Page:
Converting Galvanometer to Ammeter and Voltmeter:

A galvanometer is an instrument used to detect small electric currents. To convert a galvanometer into an ammeter (a device that measures current) or a voltmeter (a device that measures voltage), a shunt resistor or a series resistor is added, respectively.


  1. Ammeter: To convert a galvanometer into an ammeter, a low-resistance shunt resistor is connected in parallel with the galvanometer. This shunt resistor diverts most of the current, allowing only a known fraction to pass through the galvanometer. The value of the shunt resistor is calculated based on the desired full-scale deflection of the ammeter.
  2. Voltmeter: To convert a galvanometer into a voltmeter, a high-resistance series resistor is connected in series with the galvanometer. This series resistor limits the current passing through the galvanometer, ensuring that it is only exposed to a small fraction of the total voltage across the circuit. The value of the series resistor is determined by the desired voltage range of the voltmeter.


 Principle of Potentiometer:

The potentiometer is a device used to measure the electromotive force (emf) or potential difference between two points in an electrical circuit. It operates on the principle of the potential gradient along a uniform wire. When a constant current flows through the wire, the potential difference across any segment of the wire is directly proportional to its length. By adjusting a sliding contact along the wire, the point where the potential matches the unknown potential can be determined. This provides a means to measure unknown voltages by comparing them to a known voltage.


Electric Field Intensity vs. Electric Potential:

  1. Electric Field Intensity: Electric field intensity, represented by ‘E’, is a vector quantity that describes the force experienced by a positive test charge placed in an electric field. It’s the force per unit of positive charge at a point in space. The unit of electric field intensity is volts per meter (V/m).
  2. Electric Potential: Electric potential, often referred to as voltage, is a scalar quantity that represents the amount of work needed to move a positive test charge from a reference point to a specific point in an electric field, divided by the charge’s magnitude. It’s measured in volts (V).


  1. Solving Problems on Electric Field Intensity and Electric Potential:

   – To solve problems related to electric field intensity and electric potential, you typically apply the principles of Coulomb’s law and the formulas derived from it. Coulomb’s law gives the electric field due to a point charge, while the electric potential due to a point charge is calculated using the formula V = kQ/r, where k is the electrostatic constant, Q is the charge, and r is the distance.


  1. Coulomb’s Law and Related Questions:

1.  Coulomb’s Law: Coulomb’s law states that the magnitude of the electrostatic force between two point charges is directly proportional to the product of their magnitudes and inversely proportional to the square of the distance between them. Mathematically, F = k * |q1 * q2| / r^2, where F is the force, q1 and q2 are the charges, r is the distance between them, and k is the electrostatic constant.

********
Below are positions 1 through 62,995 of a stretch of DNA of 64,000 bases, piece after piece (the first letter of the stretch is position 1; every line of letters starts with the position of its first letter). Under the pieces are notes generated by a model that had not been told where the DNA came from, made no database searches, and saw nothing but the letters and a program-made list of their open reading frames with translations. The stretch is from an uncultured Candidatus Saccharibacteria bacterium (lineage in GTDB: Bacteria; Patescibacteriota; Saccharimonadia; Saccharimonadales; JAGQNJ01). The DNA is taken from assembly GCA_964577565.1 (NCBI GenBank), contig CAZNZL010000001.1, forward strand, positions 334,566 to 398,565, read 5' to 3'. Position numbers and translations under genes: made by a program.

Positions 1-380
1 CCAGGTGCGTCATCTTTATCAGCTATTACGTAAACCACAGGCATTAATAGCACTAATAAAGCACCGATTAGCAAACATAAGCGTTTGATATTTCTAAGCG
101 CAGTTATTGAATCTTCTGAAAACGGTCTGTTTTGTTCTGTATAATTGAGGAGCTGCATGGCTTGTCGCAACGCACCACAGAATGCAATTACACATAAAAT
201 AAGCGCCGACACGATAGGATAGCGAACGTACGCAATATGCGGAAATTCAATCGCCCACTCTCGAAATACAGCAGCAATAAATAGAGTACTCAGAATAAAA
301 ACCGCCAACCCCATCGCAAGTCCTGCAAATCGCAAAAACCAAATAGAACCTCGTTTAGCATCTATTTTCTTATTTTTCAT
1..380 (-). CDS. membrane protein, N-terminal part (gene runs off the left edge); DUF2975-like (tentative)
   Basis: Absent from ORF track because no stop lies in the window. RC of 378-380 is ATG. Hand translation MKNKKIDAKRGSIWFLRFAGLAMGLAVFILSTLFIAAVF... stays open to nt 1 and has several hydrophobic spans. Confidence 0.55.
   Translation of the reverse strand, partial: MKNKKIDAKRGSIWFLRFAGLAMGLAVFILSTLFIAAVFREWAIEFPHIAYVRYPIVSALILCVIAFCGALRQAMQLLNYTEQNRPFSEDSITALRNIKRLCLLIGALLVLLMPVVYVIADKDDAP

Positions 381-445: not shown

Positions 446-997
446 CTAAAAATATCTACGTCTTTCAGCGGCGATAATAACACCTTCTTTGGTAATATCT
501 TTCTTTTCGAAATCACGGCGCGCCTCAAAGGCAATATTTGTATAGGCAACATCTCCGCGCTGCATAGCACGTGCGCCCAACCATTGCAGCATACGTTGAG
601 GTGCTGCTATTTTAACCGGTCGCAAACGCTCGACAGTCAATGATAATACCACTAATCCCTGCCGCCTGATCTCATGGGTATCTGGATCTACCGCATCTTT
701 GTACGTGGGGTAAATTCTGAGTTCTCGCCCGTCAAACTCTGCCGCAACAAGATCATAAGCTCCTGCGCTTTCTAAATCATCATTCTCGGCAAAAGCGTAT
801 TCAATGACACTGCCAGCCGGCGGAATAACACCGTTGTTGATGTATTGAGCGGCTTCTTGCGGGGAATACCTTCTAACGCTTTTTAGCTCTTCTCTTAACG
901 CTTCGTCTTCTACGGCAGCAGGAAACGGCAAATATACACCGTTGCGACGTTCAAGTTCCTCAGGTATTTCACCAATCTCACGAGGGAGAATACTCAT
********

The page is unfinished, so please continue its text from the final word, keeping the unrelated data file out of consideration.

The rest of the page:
2. Solving Questions: To solve problems related to Coulomb’s law, you apply the formula mentioned above. You can calculate the force between charges, the magnitude of charges given a force, or distances given force and charges.


Remember to use consistent units and pay attention to the signs of charges to ensure accurate calculations.


  However, most common types of capacitors are in the form of two parallel plate conductors which are separated by a very small distance, d. The two plates of the capacitor can be made to carry equal and opposite charges by connecting the capacitor across the terminals of a battery such that the potential difference across the plate is V.

Capacitor is represented as 



The capacitance of a capacitor is defined as the ratio of the charge Q on either conductor to the potential difference V between the two conductors

C = Q over V

Q = CV

The SI unit of capacitance is the farad (F) which is equivalent to coulomb per volts (CV-1)

Factors that affect the capacitance of a capacitor are:

  1. The area of the plates
  2. The separation between the plates
  3. The di-electric substance between the plates

For a parallel plate capacitor, the capacitance C is given by

C = A over d


A= area of the plates

d= their separation

ɛ= permittivity of the dielectric medium (Fm-1)


If two or more capacitors is c1, c2 … are connected in series, it can be shown that the equivalent or net capacitance, c of the combination is given by:

1/c = 1 over c1 + 1over c2 +…

If they are connected in parallel the net capacitance C in this is given by:

C = c1 + c2 + …

Note that the opposite is the case if these were resistance.



A capacitor contains a charge of 4 .0 x 10 raise to power minus 4 coulomb when a potential difference of 400 v is applied across it. Calculate the capacitance of the capacitor

The capacitance C = q divided by v

= 4.0 times 10 raise to the power of minus 4, then divided by 400

= 10 raise to the power of minus 6 F

= 1.0f


A charge is a store of electrical energy. When a charge, q , is moved through a p.d , the work done is given by

       W = average p.d times charge

          = half of qv = half of QV

      But v = Q over C; V = Q, divided by C